Saw this: http://www.motherjones.com/environment/2013/01/lead-crime-link-gasoline

Lead emissions from tailpipes rose steadily from the early '40s through the early '70s, nearly quadrupling over that period. Then, as unleaded gasoline began to replace leaded gasoline, emissions plummeted.

Intriguingly, violent crime rates followed the same upside-down U pattern... The two curves looked eerily identical, but were offset by about 20 years.

They claim a strong methodology: they studied during the phaseout of leaded fuel (which was not implemented uniformly across places, crucially) and subsequent violence levels. The same trend was proved across the world. Lead shrinks the part of the brain responsible for empathy, hence where lead poisoning was more common, people are more predisposed to violence. Big cities thus become more violent.

Do widely-spread brain toxins explain more violence? Are many violent criminals people who got their prefrontal cortexes shrunk by toxins? Do big cities make people aggressive and violent due to increased concentration of toxins?

  • $\begingroup$ Welcome to CogSci.SE! A few suggestions: at the end of the question you actually have 3 questions. I would recommend creating separate questions on CogSci for each. Remember that we ask you to do some initial research first though! Speaking of research, have you read the entire Mother Jones article? Considering the amount of evidence that they have, I would highly doubt that there is any other explanation... $\endgroup$
    – BenCole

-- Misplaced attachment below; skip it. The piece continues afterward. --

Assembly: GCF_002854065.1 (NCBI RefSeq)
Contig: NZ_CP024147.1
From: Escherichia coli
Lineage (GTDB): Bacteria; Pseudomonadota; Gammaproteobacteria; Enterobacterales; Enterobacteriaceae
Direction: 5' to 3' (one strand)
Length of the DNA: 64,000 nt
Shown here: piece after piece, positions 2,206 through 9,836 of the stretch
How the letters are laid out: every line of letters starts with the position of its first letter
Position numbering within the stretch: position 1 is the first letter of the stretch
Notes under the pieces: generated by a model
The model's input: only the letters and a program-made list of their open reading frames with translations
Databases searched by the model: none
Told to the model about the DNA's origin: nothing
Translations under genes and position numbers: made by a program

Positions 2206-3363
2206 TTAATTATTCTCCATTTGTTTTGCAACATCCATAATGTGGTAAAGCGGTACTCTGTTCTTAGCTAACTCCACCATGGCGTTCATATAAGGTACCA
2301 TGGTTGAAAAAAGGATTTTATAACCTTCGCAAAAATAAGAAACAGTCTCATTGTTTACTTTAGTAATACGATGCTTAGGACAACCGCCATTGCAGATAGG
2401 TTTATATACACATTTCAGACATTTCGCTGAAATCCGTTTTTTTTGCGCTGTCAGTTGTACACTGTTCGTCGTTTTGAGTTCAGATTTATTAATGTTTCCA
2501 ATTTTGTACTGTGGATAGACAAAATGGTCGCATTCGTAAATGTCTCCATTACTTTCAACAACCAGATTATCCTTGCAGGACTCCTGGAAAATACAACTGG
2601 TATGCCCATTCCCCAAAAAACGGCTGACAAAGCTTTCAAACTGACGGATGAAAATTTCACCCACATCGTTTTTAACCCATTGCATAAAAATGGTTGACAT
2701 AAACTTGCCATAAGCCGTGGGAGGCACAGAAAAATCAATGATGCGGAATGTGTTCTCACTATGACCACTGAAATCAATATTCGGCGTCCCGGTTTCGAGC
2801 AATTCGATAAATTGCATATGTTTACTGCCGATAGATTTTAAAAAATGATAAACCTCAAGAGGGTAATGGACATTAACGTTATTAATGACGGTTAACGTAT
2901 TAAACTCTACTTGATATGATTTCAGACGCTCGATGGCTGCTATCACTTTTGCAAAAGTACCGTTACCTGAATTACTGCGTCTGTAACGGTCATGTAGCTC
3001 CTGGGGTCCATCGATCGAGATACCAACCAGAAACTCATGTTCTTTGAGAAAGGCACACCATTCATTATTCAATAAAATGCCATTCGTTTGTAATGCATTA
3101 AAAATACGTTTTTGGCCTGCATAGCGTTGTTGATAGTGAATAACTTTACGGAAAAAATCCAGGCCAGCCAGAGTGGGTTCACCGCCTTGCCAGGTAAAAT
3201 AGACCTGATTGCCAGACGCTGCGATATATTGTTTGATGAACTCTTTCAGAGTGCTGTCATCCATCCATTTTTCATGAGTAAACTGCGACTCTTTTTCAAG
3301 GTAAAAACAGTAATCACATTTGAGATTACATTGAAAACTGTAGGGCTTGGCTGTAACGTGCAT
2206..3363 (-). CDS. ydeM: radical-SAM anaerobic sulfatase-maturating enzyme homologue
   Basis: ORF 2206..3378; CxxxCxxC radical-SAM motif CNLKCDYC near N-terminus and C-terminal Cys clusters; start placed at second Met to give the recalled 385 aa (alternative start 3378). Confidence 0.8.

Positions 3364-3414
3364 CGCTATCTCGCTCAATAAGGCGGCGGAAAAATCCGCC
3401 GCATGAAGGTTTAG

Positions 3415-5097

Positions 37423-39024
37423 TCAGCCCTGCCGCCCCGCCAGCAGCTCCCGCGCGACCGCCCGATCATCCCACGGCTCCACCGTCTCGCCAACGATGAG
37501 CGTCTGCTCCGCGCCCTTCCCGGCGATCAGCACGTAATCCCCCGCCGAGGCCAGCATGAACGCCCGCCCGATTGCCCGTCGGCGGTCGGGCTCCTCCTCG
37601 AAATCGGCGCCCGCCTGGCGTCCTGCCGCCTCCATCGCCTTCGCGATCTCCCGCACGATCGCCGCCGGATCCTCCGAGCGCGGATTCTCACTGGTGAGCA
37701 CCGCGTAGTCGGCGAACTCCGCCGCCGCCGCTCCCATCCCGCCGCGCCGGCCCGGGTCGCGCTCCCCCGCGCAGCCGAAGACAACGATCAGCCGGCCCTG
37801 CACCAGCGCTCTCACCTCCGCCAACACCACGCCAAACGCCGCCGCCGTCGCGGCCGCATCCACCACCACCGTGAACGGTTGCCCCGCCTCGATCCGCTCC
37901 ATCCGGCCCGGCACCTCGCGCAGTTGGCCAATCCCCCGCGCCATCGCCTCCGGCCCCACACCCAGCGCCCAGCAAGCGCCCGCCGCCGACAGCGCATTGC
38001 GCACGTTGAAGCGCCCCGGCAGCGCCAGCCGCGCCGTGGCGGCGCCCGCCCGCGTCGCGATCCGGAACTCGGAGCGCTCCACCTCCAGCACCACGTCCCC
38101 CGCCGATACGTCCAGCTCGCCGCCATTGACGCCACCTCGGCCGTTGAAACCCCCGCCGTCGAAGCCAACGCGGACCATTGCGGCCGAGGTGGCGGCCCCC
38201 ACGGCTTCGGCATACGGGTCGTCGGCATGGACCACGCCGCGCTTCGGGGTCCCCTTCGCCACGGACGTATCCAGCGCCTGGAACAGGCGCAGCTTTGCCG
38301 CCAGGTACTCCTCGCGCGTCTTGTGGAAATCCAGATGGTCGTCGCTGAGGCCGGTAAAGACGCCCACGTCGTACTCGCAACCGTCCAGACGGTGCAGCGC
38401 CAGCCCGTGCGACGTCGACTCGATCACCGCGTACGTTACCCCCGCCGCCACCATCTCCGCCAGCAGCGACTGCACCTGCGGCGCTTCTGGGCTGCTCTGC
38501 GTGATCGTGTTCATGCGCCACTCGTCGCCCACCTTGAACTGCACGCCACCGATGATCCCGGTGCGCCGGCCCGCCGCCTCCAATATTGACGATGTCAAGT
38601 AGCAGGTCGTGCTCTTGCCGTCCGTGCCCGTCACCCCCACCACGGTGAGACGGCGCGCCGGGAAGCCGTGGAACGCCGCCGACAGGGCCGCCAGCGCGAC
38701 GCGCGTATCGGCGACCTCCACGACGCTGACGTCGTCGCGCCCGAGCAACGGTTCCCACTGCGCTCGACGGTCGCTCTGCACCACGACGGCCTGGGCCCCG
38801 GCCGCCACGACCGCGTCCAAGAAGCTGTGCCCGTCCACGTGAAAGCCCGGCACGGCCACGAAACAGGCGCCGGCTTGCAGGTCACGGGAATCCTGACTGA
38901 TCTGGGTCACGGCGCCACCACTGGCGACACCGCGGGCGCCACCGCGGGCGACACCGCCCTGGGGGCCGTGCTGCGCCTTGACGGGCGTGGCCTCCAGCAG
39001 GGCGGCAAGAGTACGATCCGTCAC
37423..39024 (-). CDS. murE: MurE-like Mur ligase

Jan 4, 2013 at 21:17
  • $\begingroup$ @BenCole I meant them to be slightly redundant ways. I asked of a trend; big cities are extremes of this trend, and its pertinent to me; hence third question. :-) Second question was to avoid "technically correct" generalizations that can confuse me. Yes I have read it all. And I do want to learn of similar research which is now highly regarded. $\endgroup$ Jan 4, 2013 at 21:41
  • $\begingroup$ I understand now. I'm curious still: do you doubt the research or linked papers in the article? It seems that the article, or the linked papers, readily answer your first question. Unfortunately, I suspect there are many reasons for a slightly smaller prefrontal cortex than just toxins and more reasons for violence than a small prefrontal cortex. Also, considering that anything in sufficient quantity can be a toxin, I suspect that the last two questions are too broad for us to be able to answer here. $\endgroup$
    – BenCole
    Jan 4, 2013 at 22:16
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    $\begingroup$ I think the important distinction here is "factor in" versus "explain". Could it be a factor? Certainly. However, to say that things like population density aren't a larger contributor would be ignoring a lot of already established notions. I think it's a great question and worth asking, it's just likely to be more complicated, as Ben pointed out. $\endgroup$ Jan 5, 2013 at 18:19
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    $\begingroup$ I've heard the exact same phenomenon( difference I violence rates) being explained by a completely different thing. What it was escapes me now, but I don't think there is a single simplistic explanation, like lead. $\endgroup$
    – Alex Stone
    Jan 6, 2013 at 14:41

1 Answer 1


There is some truth to this. I don't have the time to go into details but I've found an interesting link..



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